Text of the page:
Antibiotics and antifungals are both essential to combat infections in people, but antibiotics are also used widely to prevent disease in farm animals, and antifungals are also applied to prevent agricultural plants from rotting. Some scientists cite evidence that rampant use of fungicides on crops is contributing to the surge in drug-resistant fungi.
Yet as the problem grows, it is little understood by the public — in part because the very existence of resistant infections is often cloaked in secrecy.
With bacteria and fungi alike, hospitals and local governments are reluctant to disclose outbreaks for fear of being seen as infection hubs. Even the CDC, under its agreement with states, is not allowed to make public the location or name of hospitals involved in outbreaks. State governments have declined to publicly share information.
All the while, the germs are easily spread — carried on hands and equipment inside hospitals; ferried on meat and manure-fertilized vegetables from farms; transported across borders by travelers and goods; and transferred by patients from nursing home to hospital and back.
C. auris, which infected the man at Mount Sinai, is one of dozens of dangerous bacteria and fungi virtually unknown to the public.
Nearly half of patients who contract C. auris die within 90 days, according to the CDC. Yet the world’s experts have not nailed down where it came from in the first place.
“It is a creature from the black lagoon,” said Dr. Tom Chiller, who heads the fungal branch at the CDC, which is spearheading a global effort to find treatments and stop the spread. “It bubbled up and now it is everywhere.”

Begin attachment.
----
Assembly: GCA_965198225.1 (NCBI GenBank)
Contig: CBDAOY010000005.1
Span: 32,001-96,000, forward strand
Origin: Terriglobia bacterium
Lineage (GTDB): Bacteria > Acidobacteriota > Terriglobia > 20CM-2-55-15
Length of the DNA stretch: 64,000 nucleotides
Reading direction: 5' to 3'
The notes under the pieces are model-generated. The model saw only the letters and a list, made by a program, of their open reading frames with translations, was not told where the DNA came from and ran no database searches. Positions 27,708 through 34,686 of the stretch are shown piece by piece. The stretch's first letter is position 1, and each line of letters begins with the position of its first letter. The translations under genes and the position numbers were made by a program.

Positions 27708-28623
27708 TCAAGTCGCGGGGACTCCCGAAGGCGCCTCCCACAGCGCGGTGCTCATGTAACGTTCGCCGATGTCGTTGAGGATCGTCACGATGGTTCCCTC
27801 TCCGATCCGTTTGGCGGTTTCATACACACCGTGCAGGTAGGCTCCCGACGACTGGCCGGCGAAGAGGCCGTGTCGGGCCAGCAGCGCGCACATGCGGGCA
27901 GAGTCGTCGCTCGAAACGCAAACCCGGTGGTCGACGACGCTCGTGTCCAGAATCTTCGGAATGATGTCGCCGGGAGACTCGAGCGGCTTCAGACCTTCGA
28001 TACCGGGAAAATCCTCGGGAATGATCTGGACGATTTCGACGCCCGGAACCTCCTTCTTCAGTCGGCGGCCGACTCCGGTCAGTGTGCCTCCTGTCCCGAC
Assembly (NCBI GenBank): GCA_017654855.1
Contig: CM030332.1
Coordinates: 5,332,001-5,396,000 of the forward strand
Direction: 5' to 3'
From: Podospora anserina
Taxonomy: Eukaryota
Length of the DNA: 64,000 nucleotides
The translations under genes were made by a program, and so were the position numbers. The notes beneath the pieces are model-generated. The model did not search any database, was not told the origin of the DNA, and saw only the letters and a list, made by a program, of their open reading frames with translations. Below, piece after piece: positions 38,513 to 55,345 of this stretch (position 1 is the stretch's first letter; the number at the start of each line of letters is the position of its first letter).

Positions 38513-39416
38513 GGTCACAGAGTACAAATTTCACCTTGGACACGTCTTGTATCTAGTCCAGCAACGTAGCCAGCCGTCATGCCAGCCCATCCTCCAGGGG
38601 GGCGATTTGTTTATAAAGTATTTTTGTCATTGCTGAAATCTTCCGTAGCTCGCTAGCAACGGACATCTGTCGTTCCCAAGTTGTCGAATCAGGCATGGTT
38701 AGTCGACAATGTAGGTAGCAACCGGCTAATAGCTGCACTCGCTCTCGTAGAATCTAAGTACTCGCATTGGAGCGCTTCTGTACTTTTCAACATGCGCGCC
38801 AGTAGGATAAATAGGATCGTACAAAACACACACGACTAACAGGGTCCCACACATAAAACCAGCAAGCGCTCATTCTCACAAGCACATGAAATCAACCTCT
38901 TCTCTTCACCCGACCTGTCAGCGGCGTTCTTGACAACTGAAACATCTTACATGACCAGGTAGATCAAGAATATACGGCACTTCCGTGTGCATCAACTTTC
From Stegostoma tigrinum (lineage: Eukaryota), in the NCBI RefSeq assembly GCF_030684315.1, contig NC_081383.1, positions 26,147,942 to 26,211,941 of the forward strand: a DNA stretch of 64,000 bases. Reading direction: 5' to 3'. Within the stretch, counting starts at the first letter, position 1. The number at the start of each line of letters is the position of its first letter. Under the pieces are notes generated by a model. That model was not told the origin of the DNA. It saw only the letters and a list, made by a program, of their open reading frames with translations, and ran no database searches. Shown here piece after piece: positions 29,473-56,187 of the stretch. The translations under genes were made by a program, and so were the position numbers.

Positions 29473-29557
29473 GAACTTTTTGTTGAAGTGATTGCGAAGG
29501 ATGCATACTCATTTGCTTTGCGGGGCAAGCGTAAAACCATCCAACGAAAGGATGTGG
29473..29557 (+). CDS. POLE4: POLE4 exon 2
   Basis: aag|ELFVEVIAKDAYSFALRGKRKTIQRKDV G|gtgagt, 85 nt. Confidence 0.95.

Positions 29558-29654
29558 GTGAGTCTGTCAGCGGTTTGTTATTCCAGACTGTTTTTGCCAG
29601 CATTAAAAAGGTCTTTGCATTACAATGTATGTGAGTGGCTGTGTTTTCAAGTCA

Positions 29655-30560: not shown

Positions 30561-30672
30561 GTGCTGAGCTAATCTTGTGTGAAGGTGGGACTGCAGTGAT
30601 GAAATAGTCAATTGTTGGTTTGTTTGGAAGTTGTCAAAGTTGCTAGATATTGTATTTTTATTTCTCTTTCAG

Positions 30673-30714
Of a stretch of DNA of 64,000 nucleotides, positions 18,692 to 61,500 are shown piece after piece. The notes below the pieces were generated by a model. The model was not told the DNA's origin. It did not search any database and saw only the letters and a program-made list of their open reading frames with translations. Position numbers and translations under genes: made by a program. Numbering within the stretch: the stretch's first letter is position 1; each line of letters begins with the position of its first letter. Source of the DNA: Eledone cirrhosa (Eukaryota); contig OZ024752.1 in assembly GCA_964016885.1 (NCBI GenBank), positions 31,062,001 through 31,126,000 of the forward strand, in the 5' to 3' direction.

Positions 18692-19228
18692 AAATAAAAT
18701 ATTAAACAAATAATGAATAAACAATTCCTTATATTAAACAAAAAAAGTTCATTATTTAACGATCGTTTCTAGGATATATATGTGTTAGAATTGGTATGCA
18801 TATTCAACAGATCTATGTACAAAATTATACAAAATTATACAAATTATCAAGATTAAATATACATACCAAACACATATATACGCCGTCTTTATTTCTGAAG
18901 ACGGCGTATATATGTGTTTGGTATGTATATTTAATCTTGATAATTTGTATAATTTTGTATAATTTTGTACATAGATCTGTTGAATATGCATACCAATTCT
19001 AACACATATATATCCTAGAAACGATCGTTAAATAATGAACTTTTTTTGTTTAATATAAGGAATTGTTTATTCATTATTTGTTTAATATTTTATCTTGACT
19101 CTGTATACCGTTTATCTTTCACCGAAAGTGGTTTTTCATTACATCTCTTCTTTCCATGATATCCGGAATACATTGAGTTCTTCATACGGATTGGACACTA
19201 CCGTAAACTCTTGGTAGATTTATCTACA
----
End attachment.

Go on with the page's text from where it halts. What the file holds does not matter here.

'No need' to tell
In late 2015, Dr. Johanna Rhodes, an infectious disease expert at Imperial College London, got a panicked call from the Royal Brompton Hospital, a British medical center outside London. C. auris had taken root there months earlier, and the hospital couldn’t clear it.
“‘We have no idea where it’s coming from. We’ve never heard of it. It’s just spread like wildfire,’” Rhodes said she was told.
Under her direction, hospital workers used a special device to spray aerosolized hydrogen peroxide around a room used for a patient with C. auris, the theory being that the vapor would scour each nook and cranny. They left the device going for a week. Then they put a “settle plate” in the middle of the room with a gel at the bottom that would serve as a place for any surviving microbes to grow, Rhodes said.
Only one organism grew back. C. auris.